1. I agree….it does seem like English players get a little overvalued. Are they perhaps worth a little more in increased attention or additional shirt sales? I don’t know the answer to that question…..I’m just asking if there are ancillary benefits to fielding a bunch of England nationals…..

    As a United fan, I like that they have so many English players. It isn’t that I dislike the non-English players, but I kinda ended up with England as my “second team” for national rooting interests just because I want to see how Rooney, Welbeck, Scholes, Smalling, Jones, Rio, Carrick, etc. are doing during the Euros. I already know how they play and it’s fun to see them playing in slightly odd positions at the international level.

    That’s a lot easier than supporting the Ecuadorian National Team because I like Tony V while having no familiarity with the rest of the Ecuadorian team.

    1. I would assume that aside from the player being born in the city/town of the club, shirt sales etc. would be roughly the same as any other player. For example if Steven Gerrard would’ve played the first 10 years of his career for Arsenal before signing for LAiverpool, a sharp inctease in revenue would be recorded as he would’ve been hailed as some form of returning ‘hometown hero’. It’s difficult to grasp what, if any, financial profit the club itself would gain from signing an English player at the expense of a non-English player.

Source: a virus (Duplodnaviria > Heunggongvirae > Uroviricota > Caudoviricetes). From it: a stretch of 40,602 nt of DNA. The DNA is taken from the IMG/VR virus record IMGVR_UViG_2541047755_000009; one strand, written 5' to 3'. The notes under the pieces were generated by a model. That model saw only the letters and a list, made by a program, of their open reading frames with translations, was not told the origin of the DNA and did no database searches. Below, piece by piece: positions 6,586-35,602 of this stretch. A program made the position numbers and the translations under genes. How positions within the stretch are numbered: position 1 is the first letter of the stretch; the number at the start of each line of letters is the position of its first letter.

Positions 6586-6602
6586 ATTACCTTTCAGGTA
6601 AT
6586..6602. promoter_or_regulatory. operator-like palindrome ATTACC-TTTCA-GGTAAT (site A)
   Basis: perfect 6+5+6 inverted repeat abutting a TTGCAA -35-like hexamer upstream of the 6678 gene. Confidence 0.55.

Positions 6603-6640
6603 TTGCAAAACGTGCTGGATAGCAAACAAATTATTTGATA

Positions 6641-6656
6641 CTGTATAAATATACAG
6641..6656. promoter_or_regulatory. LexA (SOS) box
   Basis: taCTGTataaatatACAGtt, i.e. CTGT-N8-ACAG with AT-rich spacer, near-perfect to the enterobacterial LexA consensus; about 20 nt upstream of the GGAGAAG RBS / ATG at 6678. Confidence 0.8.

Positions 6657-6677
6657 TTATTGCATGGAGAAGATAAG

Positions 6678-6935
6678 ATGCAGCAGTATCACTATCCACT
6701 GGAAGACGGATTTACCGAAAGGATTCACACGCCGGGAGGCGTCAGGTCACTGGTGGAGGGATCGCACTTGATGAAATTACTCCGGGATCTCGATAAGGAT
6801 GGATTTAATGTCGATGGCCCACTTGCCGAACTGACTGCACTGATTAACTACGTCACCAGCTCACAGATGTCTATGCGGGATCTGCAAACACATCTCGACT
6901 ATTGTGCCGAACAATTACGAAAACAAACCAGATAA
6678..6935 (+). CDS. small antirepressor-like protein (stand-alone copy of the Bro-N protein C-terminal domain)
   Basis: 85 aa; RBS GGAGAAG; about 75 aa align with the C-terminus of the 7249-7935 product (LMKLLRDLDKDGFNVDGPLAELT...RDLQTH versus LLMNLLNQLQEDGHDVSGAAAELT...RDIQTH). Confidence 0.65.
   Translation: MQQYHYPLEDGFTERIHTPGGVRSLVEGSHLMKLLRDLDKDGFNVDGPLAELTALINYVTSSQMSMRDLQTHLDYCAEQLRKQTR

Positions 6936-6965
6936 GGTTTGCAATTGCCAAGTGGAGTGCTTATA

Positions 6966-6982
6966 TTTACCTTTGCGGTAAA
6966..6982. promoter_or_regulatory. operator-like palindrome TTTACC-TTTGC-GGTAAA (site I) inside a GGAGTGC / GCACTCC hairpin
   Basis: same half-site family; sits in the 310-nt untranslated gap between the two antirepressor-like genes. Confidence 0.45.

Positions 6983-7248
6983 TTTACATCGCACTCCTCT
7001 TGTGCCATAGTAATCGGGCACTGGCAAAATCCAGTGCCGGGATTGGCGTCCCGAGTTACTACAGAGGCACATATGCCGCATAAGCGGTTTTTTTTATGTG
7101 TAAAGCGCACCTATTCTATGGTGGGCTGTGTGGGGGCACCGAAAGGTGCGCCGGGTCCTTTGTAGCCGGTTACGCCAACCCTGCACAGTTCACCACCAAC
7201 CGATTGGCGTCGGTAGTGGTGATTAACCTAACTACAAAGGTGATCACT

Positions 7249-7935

1. Having homegrown players carries the same commercial weight as having foreign players in the team – if they’re good then they sell shirts – doesn’t matter where the player is from.

        The top and bottom of the homegrown player rule is that the England manager will have options when selecting his squad in the long term. BUT… The rule doesn’t actually mean a player has to be English. So long as they’ve played for an English team for at least 3 years before they turn 21 years of age, and any player under the age of 21 doesn’t count toward the rule.

      2. Okay…..I can buy that there’s no ancillary bonus off-the-field.